If the cliches were true -- bigger was truly better and the devil resided in the details -- than the world's smallest hotel rooms might also be its least appealing. They aren't.
Well, most of them aren't anyway.
As cities turned into metropolises and metropolis became megalopolises, space became incredibly valuable. It is no small wonder that some travelers are deciding that they don't want to pay extra for a walk-in closet in a room they'd use for one night. The logic is sound even if the results can be quite confining.
The world's most famous tiny rooms are, without a doubt, the cubbies offered by Japan's capsule hotels. Though they make the list, what may be more interesting is the rooms they've inspired, which seek to combine their efficiency with the comfort of decor less reminiscent of the inside of a toaster oven. These are the next wave of micro-suites and they are coming to a city (and airport) near you.
Nakagin Capsule Tower, Tokyo
The Nakagin Capsule Tower in Tokyo's Ginza district is notable not only for its tiny rooms but for its <a href="http://www.alafista.com/2012/07/24/todays-japan-photo-nakagin-capsule-tower/">unsettling, distopian facade</a>. Aldous Huxley would feel right at home.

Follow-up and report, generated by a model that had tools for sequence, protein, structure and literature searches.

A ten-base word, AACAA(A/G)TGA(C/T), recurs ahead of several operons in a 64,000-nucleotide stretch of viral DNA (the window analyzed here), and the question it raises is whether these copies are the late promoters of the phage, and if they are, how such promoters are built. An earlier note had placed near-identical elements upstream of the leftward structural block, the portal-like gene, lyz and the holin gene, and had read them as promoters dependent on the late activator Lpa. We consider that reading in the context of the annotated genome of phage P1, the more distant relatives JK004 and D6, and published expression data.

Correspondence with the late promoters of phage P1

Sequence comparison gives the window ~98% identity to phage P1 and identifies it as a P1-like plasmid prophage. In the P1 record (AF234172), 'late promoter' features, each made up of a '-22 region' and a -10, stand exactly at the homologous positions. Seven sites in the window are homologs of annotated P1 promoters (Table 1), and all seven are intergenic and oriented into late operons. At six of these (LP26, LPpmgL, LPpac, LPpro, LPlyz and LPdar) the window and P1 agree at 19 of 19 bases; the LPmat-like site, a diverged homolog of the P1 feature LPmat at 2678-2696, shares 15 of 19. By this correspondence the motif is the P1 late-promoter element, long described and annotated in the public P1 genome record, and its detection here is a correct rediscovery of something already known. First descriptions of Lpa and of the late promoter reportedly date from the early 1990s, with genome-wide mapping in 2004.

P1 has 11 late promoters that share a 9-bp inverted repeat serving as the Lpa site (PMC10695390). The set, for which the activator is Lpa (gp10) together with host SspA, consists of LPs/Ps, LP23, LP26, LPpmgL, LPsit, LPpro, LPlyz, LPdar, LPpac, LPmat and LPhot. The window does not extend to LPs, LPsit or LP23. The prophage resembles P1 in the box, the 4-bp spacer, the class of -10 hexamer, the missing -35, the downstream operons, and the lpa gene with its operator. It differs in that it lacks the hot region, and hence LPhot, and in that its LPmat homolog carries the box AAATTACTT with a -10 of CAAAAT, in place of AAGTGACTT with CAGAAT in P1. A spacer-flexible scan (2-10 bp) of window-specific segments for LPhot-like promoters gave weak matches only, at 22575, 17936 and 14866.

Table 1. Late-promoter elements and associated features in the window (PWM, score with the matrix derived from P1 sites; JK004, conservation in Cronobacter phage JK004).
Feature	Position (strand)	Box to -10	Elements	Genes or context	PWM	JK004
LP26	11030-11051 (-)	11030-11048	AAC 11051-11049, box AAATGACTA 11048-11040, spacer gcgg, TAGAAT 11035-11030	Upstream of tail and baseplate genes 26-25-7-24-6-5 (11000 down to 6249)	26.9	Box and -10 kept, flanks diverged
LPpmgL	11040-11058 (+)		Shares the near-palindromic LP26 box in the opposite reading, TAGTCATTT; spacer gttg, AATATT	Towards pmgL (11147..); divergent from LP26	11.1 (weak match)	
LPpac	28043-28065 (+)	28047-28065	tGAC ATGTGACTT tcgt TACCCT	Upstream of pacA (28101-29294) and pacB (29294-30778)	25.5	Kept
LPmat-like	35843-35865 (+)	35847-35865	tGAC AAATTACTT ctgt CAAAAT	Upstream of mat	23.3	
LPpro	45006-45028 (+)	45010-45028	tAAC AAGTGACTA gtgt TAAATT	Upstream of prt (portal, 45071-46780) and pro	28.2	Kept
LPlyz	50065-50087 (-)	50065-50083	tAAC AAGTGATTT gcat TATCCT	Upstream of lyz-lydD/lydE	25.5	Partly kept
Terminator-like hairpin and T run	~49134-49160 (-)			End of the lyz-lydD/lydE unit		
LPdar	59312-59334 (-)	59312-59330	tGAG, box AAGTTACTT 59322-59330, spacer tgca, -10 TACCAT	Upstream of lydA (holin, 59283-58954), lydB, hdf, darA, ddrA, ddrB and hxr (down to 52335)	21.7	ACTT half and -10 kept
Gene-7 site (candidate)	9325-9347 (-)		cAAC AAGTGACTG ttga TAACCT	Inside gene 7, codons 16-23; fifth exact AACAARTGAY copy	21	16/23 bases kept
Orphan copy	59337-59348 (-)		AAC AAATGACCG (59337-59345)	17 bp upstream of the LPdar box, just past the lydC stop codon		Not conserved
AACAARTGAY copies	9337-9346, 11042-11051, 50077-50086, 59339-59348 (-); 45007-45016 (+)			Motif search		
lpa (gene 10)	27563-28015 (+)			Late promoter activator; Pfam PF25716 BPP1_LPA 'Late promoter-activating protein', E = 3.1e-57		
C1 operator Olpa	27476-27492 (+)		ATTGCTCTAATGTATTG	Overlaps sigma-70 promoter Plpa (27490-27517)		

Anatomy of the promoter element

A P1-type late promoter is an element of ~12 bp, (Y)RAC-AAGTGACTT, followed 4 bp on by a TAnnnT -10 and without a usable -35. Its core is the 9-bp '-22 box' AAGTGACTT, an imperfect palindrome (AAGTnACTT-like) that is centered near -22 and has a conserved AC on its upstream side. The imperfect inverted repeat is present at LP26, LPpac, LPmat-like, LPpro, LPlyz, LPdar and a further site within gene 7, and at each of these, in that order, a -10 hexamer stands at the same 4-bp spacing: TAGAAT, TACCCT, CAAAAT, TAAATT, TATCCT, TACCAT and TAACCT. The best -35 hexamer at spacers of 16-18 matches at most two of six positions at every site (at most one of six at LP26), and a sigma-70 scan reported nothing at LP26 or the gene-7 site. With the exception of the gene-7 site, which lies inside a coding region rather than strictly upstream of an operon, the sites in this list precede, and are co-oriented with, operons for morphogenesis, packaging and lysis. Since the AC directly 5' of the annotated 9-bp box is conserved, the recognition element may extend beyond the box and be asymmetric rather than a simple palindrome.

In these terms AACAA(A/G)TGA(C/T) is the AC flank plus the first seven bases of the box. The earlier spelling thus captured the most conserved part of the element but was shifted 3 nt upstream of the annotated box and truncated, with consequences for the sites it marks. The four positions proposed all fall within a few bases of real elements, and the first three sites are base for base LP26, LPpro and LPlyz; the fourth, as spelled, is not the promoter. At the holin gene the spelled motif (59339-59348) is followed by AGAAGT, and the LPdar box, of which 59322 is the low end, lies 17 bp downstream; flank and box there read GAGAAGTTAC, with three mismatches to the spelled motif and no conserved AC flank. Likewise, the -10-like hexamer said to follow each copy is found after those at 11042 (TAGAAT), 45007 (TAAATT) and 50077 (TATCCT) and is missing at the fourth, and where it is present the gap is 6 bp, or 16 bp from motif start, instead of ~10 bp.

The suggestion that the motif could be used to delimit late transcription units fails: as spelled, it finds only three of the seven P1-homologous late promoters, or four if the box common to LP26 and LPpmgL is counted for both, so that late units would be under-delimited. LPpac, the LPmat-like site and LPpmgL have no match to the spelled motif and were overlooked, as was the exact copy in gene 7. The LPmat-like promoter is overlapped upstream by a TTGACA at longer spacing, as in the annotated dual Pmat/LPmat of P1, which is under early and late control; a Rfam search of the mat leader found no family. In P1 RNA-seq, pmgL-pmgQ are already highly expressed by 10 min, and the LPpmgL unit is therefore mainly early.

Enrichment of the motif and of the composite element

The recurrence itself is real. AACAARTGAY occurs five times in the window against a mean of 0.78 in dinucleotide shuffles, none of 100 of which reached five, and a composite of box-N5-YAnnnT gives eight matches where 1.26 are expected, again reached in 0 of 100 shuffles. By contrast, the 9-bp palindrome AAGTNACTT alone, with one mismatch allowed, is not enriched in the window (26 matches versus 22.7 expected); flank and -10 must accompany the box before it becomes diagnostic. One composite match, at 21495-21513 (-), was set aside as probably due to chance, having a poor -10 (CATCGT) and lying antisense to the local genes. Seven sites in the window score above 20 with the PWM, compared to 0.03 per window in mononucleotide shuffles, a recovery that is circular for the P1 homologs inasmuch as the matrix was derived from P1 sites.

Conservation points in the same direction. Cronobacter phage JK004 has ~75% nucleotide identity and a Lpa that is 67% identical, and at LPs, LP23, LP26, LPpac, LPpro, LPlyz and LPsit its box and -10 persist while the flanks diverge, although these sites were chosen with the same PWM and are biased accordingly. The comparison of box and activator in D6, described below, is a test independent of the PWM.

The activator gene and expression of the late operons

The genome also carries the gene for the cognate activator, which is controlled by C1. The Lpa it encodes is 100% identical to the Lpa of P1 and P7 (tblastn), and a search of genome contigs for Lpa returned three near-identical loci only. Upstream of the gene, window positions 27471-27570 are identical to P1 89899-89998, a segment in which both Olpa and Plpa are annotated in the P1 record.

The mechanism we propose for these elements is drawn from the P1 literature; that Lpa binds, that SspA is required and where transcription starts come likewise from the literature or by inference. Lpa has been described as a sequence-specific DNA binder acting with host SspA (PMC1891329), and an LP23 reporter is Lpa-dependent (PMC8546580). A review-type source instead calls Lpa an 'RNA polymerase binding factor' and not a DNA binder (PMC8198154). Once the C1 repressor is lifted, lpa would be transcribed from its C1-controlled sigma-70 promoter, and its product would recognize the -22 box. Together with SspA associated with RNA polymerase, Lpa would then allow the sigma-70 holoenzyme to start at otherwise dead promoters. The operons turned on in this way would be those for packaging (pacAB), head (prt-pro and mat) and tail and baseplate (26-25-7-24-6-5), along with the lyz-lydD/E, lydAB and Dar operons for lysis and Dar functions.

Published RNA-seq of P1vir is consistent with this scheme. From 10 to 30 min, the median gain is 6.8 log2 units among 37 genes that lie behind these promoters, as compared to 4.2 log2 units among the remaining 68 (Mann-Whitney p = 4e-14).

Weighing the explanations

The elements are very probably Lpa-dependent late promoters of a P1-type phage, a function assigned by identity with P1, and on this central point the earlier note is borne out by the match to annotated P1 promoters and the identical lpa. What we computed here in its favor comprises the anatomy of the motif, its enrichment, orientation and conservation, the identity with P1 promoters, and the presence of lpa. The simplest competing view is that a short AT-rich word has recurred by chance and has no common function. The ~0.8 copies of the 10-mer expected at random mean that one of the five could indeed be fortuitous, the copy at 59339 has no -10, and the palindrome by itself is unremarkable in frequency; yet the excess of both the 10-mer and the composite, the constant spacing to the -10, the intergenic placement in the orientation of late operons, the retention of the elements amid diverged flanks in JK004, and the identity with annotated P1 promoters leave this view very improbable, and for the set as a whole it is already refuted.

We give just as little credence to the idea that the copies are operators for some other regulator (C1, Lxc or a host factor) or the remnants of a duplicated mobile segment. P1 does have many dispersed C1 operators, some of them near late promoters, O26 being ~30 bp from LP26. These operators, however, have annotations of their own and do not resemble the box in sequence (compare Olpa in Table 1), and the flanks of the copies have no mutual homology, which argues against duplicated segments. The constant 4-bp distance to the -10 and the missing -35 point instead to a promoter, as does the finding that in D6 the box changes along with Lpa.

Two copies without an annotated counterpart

The Jane Hotel, NYC
New York's Jane Hotel combines cozy with compact by <a href="http://www.thejanenyc.com/#/rooms/1">offering travelers "cabins" </a>reminiscent of rooms on a yacht. The wood panelling and dark interiors are reminiscent of a whiskey commercial even if the shared bathroom harken back to freshman year. Yes, bunk beds are available.
Capsule Ryokan, Kyoto
Kyoto's Capsule Ryokan combines the relaxation of the spa experience with the anxiety that comes from sleeping in a toaster oven. On the plus side, <a href="http://www.capsule-ryokan-kyoto.com/en/pages/facilities.html">it looks like a futuristic prison.</a>
<a href="http://www.yotel.com/hotels/london-heathrow">Heathrow's Yotel</a>, like the Sleepbox, is designed to help travel weary fliers get some shut eye before the next leg of their trip. The lighting and compartmentalization might lead travelers to believe they've been placed in a refrigerator.
Installed in a Moscow airport, the "Sleepbox" is a modular dorm room <a href="http://www.huffingtonpost.com/2011/08/15/the-sleepbox-makes-airpor_n_927010.html">designed to help travelers get a little shut eye</a> while waiting for the final boarding call.
The rooms at CitizenM, a hotel within Amsterdam's Schiphol International Airport, are slightly larger than the other rooms on the list, but notable because they pack a luxurious punch by <a href="http://www.citizenm.com/innovative-hotel-rooms">making use of every last inch of space</a>.
Snooze Cube, Dubai
Like several other tiny hotels, Dubai Airport's Snooze Cubes are built around the needs of travelers. They also <a href="http://www.snoozecube.com/reservations/">look like porta-potties</a> from the outside and lack the charm of some of other tiny habitations. Probably better to sleep in the terminal.